Sunday, June 27, 2010

The Restaura…um…Space Station at the End of the Univer…um…World: Satire and the New Doctor Who

In the tradition of the best British genre writers who bring a humorous twist to their work, such as Douglas Adams (who actually was head writer for “classic” Doctor Who once upon a time), modern Doctor Who episodes continue to use distant future (and less frequently, near future) events to satirize and comment on current pop culture and society. I’ve put together a round-up of some of my favorite instances of this literary device, and I would probably count many of the episodes that contain these examples (yes, even “Gridlock”) among my favorites because I find them to be incredibly imaginative, even if some are, to put it kindly, less than plausible when you try to think about them logically for too long.

1. Lady Cassandra, “The Last Human”

When the Ninth Doctor and Rose first encountered Lady Cassandra in “The End of the Earth,” I think that was when I knew I would love “Doctor Who.” Of course, the fact that “Platform One,” the space station where our heroes meet Lady Cassandra in the year 5 billion, reminded me of “The Restaurant at the End of the Universe” didn’t hurt the episode in my estimation, either. Lady Cassandra has had 708 cosmetic surgeries, and when the Doctor and Rose meet her, she is little more than a stretched out piece of skin with a face. She’s rather horrific-looking, but she loves how thin she is now. She also needs to be constantly moisturized. I’ll admit, I tend to watch my fair share of E! News Live when I need to decompress after work, so I found the critique of the Hollywood standard of beauty spot-on.

2. Satellite Five

When the Ninth Doctor and Rose spend some time in orbit around Earth on Satellite Five, they eventually come to realize that all of Earth’s news (and subsequently, society) is being controlled by a huge, disgusting creature called the Mighty Jagrafess. The Doctor tells Rose that the time in which they have arrived is supposed to be the Fourth Great and Bountiful Human Empire, but something has seriously gone wrong. Obviously, that something is the Jagrafess. The concept that humans are sheep and will believe what they’re told, and the ease with which humans can be manipulated through news broadcasts is what intrigues me about Satellite Five. The fact that the humans are desperate for the power this knowledge brings (they pay through the nose for the privilege of having their body altered to connect directly in to the information stream) is fascinating as well.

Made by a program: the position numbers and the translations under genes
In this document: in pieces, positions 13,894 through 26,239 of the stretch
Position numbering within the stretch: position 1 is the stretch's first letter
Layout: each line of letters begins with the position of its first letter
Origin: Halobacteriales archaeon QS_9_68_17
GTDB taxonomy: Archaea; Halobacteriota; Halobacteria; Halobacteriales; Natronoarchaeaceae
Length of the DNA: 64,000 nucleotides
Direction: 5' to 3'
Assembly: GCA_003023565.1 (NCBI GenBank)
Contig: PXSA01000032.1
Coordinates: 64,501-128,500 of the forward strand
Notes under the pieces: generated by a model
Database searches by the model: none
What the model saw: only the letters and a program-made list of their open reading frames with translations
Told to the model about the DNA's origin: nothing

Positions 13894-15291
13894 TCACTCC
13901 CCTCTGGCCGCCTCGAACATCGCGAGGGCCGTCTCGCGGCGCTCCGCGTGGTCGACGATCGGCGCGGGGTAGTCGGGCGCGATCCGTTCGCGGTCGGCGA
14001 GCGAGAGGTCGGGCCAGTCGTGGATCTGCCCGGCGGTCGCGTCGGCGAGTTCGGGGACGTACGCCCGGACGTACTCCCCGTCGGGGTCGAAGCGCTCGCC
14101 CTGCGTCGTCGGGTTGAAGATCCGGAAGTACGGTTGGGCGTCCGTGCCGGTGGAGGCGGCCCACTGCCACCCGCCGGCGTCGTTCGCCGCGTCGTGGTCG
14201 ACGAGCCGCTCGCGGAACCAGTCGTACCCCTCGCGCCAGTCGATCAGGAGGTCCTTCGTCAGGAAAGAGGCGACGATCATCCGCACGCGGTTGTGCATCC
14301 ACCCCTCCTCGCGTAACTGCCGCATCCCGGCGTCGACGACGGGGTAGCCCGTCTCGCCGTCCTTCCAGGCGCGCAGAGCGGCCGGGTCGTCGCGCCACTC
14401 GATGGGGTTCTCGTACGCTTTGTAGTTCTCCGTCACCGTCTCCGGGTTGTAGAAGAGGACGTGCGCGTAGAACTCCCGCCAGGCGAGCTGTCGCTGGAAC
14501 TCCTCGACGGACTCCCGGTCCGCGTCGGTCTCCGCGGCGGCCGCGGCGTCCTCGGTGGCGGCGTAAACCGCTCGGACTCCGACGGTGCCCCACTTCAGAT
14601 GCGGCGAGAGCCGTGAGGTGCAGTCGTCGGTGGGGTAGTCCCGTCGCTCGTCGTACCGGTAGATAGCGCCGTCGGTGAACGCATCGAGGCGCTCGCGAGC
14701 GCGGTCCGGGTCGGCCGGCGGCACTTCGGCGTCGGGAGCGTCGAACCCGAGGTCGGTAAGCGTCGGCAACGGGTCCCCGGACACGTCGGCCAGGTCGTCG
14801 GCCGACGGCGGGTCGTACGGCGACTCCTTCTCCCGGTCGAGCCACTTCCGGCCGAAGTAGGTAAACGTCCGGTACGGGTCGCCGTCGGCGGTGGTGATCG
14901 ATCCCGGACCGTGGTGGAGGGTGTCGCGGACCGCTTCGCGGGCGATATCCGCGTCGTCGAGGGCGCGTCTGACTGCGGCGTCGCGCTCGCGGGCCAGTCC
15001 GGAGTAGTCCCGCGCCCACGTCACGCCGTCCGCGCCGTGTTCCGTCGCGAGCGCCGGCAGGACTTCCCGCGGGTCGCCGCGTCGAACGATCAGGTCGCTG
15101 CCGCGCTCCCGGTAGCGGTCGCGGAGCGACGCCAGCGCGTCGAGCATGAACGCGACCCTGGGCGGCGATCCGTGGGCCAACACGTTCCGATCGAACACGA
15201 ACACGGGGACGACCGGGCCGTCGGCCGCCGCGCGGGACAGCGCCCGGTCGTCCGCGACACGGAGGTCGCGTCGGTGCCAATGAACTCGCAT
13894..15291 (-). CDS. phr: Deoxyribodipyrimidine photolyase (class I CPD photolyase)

3. The Gamestation

After defeating the Mighty Jagrafess, the Doctor was sure that the Fourth Great and Bountiful Human Empire would be back on track towards greatness. Oh how wrong he was. Satellite Five was turned into the Gamestation, a satellite devoted to the filming of reality and game shows like Big Brother, The Weakest Link, and what looked like Extreme Makeover. Basically, the dregs of TV. All of these familiar shows are taken to the next, more frightening level. For instance, elimination on either Big Brother or The Weakest Link means death. Contestants also don’t have a choice about participation. They are chosen at random from the entire population. It’s great commentary on our society’s obsession with reality television. And also, who can resist laughing at the “Anne-droid!”

4. The Sanctuary Base of Krop Tor

The Sanctuary Base is a sort of impromptu mining colony on a very hazardous planet, to put it mildly. The planet of Krop Tor is dangerously close to a black hole, so close that those who know of the planet can’t figure out how it still exists. Beyond that obvious problem, it’s also the home to The Beast- Satan itself. Not a hospitable place. What was intriguing about this particular setting was that it showed the lengths to which humans will go to exploit the environment. The crew of the Sanctuary Base put their lives at extreme risk just to harvest some minerals. With the recent oil rig disaster in the Gulf, this episode has become more timely than ever.

5. The New Earth Motorway

When the Tenth Doctor and Martha make a trip to New (New, New…) Earth, they discover that it is not as the Doctor last left it. They are in the Undercity, where mood patches are bought and sold to junkies. Those in search of a better life take to the motorway and spend years in a fruitless quest to reach the planet’s surface. All it takes is one bad commute home from work to appreciate the satire here. We tolerate so much in our society for the sake of suburban sprawl. I guess it’s natural to question why these humans are content to sit in traffic for years on end, but I don’t actually find it that much of an exaggeration from reality considering how we really live.

6. The Adipose

The one example on my list that doesn’t come from the distant future, the Adipose are both disgusting and disgustingly cute. They’re squishy and they coo and wave and smile. And they’re also made out of human fat- the fat of humans that have taken a particular pill pedaled by a rather sadistic intergalactic nanny. The Adipose first appear in the UK, but I find their second appearance, in “Turn Left” even better satire. That’s when the Adipose hit the United States, where clearly, there are plenty of potential hosts. The whole thing is a thought-provoking commentary on our society’s fixation with food and weight.

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